skills and expertise but also to support placement learning for pre-registration nurses who are
the future workforce for community nursing and general practice.
Leadership and support
• Effective clinical leadership is essential to support district nursing teams. There should be a
senior district nurse/matron (with the support of practice educators) overseeing several district
nurse caseload holders and their teams.
• The challenges of more isolated working and practice must be recognised. As patients with
significant health needs and demands are increasingly cared for outside hospital the nurses
caring for them frequently have to make complex decisions about care and treatment; unlike in
hospital, where advice and support is more closely available.
• District nurses provide care and case management to support older, vulnerable and often
isolated patients to live at home, and help join up services to meet their changing needs. Wider
partnership working across care sectors and multi-disciplinary teams should support and improve
hospital discharge planning and help identify those patients with greatest needs and chronic and
long term conditions.
Teams and caseloads
• The composition of district and community nursing teams should be determined following a
patient and population needs assessment.
• There are very few workforce planning tools and urgent work is required to share current good
practice where it exists and make such tools available across the country. The use of workforce
planning tools alongside benchmark data should inform the appropriate size and skill mix of the
district nursing team3,4. It is imperative that we move away from a task-based approach to care.
• Increased administrative support is also essential for district and community nursing teams.
Administrative requirements are not currently aligned with existing administrative support, with
nurses spending time undertaking administrative tasks that could be performed by members of
a support team.
• Workforce planning therefore needs to cover the full skill mix requirements of a district and
community nursing team, including health care support workers, assistant practitioners,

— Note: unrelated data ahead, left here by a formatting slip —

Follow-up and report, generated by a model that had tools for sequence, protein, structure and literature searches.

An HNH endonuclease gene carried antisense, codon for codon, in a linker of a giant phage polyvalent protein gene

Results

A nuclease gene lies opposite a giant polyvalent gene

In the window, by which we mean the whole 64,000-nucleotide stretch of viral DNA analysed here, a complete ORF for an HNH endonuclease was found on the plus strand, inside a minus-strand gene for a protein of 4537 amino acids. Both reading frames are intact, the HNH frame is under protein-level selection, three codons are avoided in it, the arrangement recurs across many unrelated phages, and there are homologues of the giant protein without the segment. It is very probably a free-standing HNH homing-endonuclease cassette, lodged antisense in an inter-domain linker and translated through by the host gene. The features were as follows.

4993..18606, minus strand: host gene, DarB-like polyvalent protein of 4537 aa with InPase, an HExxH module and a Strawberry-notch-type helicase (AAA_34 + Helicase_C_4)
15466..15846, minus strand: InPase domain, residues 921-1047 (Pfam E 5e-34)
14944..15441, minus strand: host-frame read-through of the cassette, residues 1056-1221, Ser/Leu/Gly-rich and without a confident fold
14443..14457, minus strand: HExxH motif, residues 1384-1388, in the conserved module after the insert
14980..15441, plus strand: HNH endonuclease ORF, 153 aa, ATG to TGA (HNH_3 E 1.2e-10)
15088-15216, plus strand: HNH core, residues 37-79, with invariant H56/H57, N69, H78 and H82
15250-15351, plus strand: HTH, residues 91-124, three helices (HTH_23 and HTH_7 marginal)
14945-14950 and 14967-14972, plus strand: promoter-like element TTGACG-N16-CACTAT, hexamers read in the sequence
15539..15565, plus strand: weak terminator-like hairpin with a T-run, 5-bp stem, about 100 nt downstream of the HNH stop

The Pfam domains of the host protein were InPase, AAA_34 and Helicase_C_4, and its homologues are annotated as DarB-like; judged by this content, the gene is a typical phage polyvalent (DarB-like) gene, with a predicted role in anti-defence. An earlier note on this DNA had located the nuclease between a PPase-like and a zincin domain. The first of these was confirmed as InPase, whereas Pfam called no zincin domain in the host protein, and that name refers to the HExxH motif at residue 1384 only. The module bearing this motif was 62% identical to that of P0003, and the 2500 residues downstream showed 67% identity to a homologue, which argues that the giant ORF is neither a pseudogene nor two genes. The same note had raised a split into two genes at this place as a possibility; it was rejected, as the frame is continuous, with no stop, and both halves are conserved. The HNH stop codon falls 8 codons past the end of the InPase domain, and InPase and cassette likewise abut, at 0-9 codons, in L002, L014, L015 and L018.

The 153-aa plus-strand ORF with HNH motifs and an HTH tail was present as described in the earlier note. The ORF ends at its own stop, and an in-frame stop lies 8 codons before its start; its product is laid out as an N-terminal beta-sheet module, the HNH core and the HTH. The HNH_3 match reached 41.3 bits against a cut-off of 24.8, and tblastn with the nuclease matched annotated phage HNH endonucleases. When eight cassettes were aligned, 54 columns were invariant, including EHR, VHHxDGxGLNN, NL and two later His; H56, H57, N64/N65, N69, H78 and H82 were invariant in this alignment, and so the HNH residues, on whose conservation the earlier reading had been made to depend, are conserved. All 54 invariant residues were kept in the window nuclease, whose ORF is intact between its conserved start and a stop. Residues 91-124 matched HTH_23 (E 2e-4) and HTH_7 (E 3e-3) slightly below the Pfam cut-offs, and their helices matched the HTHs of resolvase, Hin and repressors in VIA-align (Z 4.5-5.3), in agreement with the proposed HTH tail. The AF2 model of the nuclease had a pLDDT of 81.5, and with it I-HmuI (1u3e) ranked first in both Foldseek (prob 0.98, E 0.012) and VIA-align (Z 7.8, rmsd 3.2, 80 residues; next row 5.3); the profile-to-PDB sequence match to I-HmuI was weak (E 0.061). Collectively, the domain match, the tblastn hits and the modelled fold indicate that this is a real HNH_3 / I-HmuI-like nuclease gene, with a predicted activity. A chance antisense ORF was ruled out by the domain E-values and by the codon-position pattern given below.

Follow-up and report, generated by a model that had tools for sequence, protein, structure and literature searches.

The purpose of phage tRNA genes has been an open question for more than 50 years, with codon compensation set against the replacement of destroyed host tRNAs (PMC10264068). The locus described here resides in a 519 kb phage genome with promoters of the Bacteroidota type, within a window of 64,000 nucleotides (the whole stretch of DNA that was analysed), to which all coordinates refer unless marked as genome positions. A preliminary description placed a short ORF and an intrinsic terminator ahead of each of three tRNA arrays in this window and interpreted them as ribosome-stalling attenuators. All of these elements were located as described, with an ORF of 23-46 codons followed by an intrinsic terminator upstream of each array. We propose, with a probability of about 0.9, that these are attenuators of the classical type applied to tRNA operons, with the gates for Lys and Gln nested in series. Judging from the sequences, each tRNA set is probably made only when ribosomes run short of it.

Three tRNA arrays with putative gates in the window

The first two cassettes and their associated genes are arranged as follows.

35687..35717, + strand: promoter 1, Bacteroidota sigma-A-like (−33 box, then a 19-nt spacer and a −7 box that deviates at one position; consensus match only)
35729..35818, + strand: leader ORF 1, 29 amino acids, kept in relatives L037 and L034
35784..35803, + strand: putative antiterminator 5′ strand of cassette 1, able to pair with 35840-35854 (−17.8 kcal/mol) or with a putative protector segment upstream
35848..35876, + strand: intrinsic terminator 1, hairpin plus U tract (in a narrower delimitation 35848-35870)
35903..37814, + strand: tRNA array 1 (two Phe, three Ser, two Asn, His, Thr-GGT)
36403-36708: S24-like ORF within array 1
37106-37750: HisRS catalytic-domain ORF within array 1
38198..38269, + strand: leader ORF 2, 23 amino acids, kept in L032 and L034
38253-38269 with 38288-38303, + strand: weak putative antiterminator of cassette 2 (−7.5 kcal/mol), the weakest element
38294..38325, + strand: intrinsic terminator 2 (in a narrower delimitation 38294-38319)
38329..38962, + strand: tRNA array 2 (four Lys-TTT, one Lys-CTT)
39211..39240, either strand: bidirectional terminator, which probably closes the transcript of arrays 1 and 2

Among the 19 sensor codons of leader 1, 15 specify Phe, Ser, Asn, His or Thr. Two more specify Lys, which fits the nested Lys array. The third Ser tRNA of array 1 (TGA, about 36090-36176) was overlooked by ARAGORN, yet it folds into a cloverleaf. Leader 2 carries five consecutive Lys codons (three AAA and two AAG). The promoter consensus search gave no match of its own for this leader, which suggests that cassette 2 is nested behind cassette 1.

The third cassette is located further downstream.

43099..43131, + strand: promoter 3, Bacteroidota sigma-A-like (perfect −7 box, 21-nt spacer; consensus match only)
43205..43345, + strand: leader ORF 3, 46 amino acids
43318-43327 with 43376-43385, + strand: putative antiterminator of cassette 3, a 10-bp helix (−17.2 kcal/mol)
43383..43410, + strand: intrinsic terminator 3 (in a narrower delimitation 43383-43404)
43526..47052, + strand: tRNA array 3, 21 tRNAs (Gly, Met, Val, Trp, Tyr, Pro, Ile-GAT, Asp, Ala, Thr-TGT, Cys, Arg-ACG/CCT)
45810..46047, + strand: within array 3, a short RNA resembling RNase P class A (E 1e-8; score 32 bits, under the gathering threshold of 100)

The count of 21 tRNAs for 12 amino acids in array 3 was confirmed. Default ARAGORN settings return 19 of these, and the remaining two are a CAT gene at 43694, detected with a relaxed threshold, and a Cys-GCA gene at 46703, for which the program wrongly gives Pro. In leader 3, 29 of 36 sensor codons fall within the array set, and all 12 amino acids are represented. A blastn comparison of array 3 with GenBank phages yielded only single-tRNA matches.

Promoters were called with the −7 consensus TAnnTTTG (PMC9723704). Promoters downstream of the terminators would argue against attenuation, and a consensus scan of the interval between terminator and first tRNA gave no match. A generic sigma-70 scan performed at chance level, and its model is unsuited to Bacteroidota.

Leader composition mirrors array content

community nurses, district nurses (with SPQ) and administrative support.
• The National Institute for Health and Care Excellence (NICE) has been tasked to produce
evidence-based safe staffing guidelines5. Work has already begun on guidance for adult wards
in acute hospitals, maternity settings, and accident and emergency settings, and future work is
proposed for community nursing care settings. The timeline for this work on community settings
has not been confirmed but NICE should begin work on this as soon possible.
Improved career pathway
• There should be a clearly defined career pathway for district and community nursing. This will help
to improve the appeal of working in the community. Existing misconceptions (such as students
having to work for two years in a hospital setting before moving to a job in the community) as well
as false perceptions about the nature of community care nursing roles must be addressed.
IT resources
• It is important that the supply of hardware – which is generally reported as adequate – should be
accompanied by strategies to ensure it is used effectively. Examples of good practice, where IT is
enhancing mobile working, need to be shared via an effective forum for networking and learning
dissemination. Nurses must be given appropriate training.
The RCN represents nurses and nursing,
promotes excellence in practice and
shapes health policies.
June 2014
Publication code 004 675